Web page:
Maturity And Immaturity Shown In To Kill A Mockingbird

822 words - 3 pages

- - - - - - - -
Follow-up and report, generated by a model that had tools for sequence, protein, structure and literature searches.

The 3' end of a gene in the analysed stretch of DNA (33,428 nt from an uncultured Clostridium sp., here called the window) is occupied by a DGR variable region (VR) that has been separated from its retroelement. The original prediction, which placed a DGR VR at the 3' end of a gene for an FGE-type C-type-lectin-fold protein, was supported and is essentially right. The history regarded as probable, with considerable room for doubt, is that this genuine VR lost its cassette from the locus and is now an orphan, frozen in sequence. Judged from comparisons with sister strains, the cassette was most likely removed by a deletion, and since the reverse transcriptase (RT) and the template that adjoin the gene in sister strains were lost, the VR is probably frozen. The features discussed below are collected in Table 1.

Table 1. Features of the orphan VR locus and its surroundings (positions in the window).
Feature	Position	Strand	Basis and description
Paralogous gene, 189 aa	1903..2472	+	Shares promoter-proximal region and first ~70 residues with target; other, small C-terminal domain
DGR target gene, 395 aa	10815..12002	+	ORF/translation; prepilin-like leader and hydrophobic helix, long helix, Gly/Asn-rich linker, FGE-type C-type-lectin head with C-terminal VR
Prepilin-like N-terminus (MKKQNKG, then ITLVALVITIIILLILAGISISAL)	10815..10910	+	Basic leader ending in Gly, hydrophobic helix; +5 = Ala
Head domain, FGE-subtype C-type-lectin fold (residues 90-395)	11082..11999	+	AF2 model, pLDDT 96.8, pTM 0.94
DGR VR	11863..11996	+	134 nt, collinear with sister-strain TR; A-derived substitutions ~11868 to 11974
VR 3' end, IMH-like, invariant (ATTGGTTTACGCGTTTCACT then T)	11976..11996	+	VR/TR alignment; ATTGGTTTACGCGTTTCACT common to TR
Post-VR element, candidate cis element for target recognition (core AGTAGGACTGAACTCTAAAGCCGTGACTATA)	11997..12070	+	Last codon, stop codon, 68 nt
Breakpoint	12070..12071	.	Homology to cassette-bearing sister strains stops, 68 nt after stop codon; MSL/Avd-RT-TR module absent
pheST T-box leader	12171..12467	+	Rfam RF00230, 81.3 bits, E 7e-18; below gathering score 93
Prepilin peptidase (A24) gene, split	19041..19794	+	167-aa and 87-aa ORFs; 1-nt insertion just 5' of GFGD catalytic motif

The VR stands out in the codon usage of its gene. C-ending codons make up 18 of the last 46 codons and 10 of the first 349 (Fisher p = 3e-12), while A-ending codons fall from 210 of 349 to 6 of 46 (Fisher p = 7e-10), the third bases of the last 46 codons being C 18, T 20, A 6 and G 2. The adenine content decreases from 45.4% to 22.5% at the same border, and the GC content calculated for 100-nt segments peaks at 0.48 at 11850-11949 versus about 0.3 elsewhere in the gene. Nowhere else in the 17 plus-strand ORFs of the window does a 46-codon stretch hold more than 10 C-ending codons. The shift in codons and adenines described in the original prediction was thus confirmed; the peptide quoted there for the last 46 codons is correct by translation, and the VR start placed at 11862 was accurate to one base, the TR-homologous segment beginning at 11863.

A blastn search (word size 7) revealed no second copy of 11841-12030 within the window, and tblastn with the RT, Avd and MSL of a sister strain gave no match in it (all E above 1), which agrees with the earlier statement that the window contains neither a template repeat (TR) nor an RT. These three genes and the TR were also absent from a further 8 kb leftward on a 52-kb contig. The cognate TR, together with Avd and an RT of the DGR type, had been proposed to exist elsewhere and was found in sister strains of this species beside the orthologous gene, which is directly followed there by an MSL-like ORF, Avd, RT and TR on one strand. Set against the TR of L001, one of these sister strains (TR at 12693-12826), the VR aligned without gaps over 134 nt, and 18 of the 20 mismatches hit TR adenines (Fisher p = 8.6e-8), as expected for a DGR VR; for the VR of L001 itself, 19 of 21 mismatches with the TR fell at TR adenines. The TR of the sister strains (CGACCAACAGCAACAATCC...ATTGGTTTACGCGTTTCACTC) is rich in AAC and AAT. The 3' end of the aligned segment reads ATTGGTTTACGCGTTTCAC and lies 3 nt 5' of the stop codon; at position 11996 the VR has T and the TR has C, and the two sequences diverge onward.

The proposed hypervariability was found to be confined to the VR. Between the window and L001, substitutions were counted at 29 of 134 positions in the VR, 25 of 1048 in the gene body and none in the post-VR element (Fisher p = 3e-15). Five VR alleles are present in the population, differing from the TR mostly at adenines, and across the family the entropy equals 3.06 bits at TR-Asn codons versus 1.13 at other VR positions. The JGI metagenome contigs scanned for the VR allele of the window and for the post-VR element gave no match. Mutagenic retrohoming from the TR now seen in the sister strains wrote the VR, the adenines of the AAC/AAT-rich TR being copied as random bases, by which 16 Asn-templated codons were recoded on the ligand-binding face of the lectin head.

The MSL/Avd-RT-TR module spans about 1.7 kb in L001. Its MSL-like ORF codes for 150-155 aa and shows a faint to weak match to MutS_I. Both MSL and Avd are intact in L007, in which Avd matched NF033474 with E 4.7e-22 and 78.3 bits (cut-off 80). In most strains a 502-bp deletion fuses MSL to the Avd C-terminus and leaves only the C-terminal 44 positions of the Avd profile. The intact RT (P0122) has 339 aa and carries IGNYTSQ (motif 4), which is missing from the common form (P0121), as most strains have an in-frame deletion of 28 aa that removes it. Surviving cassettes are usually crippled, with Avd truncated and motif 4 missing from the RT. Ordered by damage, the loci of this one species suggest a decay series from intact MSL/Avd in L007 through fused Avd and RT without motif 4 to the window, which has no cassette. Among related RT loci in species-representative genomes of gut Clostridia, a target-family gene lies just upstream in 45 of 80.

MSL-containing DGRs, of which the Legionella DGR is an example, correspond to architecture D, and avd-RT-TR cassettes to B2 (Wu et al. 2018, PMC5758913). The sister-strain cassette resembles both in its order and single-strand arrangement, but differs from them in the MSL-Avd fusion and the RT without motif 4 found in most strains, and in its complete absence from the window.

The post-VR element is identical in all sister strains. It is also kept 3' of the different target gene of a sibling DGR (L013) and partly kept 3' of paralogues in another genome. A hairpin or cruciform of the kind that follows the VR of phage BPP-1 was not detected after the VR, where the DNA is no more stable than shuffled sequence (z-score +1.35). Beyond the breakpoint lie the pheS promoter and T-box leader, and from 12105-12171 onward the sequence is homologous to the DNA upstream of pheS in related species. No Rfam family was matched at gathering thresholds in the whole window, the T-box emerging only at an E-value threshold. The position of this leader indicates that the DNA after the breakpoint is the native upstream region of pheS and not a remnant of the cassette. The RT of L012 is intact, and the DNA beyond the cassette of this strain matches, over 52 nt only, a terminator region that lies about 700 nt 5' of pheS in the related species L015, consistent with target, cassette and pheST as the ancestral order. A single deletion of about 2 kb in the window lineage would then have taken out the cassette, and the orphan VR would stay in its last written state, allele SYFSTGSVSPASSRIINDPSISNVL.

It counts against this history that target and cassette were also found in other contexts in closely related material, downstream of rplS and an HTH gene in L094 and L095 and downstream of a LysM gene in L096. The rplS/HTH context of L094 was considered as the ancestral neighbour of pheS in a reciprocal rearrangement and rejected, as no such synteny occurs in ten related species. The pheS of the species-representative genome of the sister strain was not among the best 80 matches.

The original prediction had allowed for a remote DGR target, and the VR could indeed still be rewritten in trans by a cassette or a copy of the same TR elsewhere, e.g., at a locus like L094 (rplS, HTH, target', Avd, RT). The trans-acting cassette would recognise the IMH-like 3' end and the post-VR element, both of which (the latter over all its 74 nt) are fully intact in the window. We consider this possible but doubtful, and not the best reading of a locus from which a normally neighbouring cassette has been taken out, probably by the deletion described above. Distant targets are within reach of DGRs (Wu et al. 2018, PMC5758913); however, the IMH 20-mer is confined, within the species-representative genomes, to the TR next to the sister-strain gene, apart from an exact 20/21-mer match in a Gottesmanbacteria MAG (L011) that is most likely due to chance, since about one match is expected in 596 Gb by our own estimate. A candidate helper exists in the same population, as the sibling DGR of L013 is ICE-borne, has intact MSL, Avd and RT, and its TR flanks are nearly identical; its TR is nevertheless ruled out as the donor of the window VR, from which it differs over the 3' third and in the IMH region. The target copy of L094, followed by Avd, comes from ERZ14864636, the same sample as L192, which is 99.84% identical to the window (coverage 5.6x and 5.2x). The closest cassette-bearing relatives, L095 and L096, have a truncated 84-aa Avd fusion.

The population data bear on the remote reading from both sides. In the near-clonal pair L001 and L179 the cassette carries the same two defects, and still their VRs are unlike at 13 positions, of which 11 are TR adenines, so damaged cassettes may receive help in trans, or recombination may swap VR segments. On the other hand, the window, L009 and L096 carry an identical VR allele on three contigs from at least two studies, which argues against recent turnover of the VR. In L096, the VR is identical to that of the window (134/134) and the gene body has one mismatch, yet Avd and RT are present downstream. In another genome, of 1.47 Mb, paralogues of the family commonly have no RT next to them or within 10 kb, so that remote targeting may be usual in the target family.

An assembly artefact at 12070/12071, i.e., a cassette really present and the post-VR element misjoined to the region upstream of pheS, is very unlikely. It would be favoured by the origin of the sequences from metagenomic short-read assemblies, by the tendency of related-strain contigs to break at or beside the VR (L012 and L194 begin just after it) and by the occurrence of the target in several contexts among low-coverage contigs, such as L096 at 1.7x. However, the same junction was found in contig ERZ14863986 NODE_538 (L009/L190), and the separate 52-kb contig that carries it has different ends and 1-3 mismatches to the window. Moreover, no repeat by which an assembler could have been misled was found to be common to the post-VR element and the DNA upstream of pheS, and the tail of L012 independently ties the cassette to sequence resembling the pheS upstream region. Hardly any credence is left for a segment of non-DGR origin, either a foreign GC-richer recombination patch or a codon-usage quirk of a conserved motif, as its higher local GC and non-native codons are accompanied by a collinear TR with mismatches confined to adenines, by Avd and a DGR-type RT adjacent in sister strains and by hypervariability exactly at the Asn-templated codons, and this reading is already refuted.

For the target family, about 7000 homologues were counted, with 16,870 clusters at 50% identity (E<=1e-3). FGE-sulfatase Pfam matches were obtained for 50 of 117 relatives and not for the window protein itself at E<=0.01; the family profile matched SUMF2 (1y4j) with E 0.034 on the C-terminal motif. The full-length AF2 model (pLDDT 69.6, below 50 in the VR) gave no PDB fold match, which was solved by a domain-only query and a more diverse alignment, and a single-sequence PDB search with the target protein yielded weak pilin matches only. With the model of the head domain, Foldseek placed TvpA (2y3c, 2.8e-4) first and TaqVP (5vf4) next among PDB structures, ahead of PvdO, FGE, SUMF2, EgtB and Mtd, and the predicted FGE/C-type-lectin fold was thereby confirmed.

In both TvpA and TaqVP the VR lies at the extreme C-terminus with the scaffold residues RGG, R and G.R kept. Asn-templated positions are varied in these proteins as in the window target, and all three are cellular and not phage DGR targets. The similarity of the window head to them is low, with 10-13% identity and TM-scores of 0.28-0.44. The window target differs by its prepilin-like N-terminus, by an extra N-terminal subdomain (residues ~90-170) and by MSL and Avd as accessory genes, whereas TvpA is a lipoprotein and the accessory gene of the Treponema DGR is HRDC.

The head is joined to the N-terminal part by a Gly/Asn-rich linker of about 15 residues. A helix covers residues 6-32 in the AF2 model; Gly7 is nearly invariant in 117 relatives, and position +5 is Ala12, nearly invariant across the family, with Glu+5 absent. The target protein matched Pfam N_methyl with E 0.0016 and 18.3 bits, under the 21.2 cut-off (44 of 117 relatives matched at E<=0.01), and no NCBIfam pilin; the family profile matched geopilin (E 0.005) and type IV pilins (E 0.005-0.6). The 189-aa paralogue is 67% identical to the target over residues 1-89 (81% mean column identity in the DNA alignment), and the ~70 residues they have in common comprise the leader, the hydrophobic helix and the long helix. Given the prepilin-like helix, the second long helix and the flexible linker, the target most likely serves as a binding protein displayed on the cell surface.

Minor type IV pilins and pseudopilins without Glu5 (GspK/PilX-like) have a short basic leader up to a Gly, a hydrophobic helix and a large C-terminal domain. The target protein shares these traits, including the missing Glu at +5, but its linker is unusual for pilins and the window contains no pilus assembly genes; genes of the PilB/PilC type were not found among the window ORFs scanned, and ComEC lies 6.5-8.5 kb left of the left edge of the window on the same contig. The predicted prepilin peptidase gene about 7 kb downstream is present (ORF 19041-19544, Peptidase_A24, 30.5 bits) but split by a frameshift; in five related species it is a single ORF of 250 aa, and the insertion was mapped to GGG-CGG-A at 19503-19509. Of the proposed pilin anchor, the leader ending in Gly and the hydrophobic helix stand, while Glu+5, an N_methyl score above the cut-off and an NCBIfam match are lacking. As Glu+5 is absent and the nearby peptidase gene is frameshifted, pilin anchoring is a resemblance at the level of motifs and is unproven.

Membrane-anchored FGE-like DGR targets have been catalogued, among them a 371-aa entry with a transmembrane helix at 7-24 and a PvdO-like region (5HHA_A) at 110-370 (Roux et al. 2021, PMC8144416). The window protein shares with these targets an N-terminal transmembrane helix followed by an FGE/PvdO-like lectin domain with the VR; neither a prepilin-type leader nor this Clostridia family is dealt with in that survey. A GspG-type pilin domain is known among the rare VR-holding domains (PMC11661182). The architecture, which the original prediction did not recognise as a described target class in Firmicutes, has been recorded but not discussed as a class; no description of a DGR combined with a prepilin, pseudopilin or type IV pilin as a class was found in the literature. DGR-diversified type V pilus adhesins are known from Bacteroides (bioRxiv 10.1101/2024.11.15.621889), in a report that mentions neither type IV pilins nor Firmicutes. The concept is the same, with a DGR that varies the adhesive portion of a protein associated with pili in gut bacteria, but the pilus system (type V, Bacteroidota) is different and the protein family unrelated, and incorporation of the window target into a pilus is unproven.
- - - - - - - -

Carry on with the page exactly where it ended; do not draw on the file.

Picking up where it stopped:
Maturity and Immaturity Shown in To Kill A MockingbirdKelsey VodhanelHonors English IMrs. Kou4/10Imagine that a girl gets an awful grade on her history exam. She lies to her parents about the test, saying she got an A when really, she failed. Her parents congratulate her on her test score at first, but then later check her grades online and find out that she lied. The girl gets in trouble for the bad grade, and on top of that, she gets into even more trouble for lying. This example proves that owning up to your mistakes is very important and can be helpful in the long run in becoming a responsible adult. Harper Lee displays this very valuable lesson in the novel, To Kill a Mockingbird. Certain characters show maturity in the story by acknowledging their mistakes and learning from them in order to prevent bigger problems in the future and allowing them to take responsibility for their own lives.The children in the novel display maturity because they learn from their experiences. Jem shows this type of mature quality by going back to the Radley house to get his pants back after getting them caught in the fence. He knows that danger lurks by going back to the house, considering he almost got shot, but decides to risk his life and only goes back so that he does not disappoint his father, Atticus. Atticus has never punished Jem in his life and Jem wants "to keep it that way" (75) and realizes that he "shouldn'a done that tonight" (75). Jem behaves immaturely at first by going toBoo Radley's house in order to sneak a look at Boo through the window, but after losing his pants as he escapes, he understands the wrongness of his initial act. His decision of going back to get his pants demonstrates maturity because he holds himself accountable for his mistake and tries to correct it despite the danger. Another example of maturity shown in the novel presents itself when the children start to understand Boo Radley. Earlier in the novel, Jem, Scout, and Dill regard Boo Radley as a monster who dines on raw cats and squirrels, but a change in perspective changes Boo from an evil spirit to a guardian angel. Scout begins to understand that "…you never really know a man until you stand in his shoes and walk around in them" (374). She moves past her first impression...

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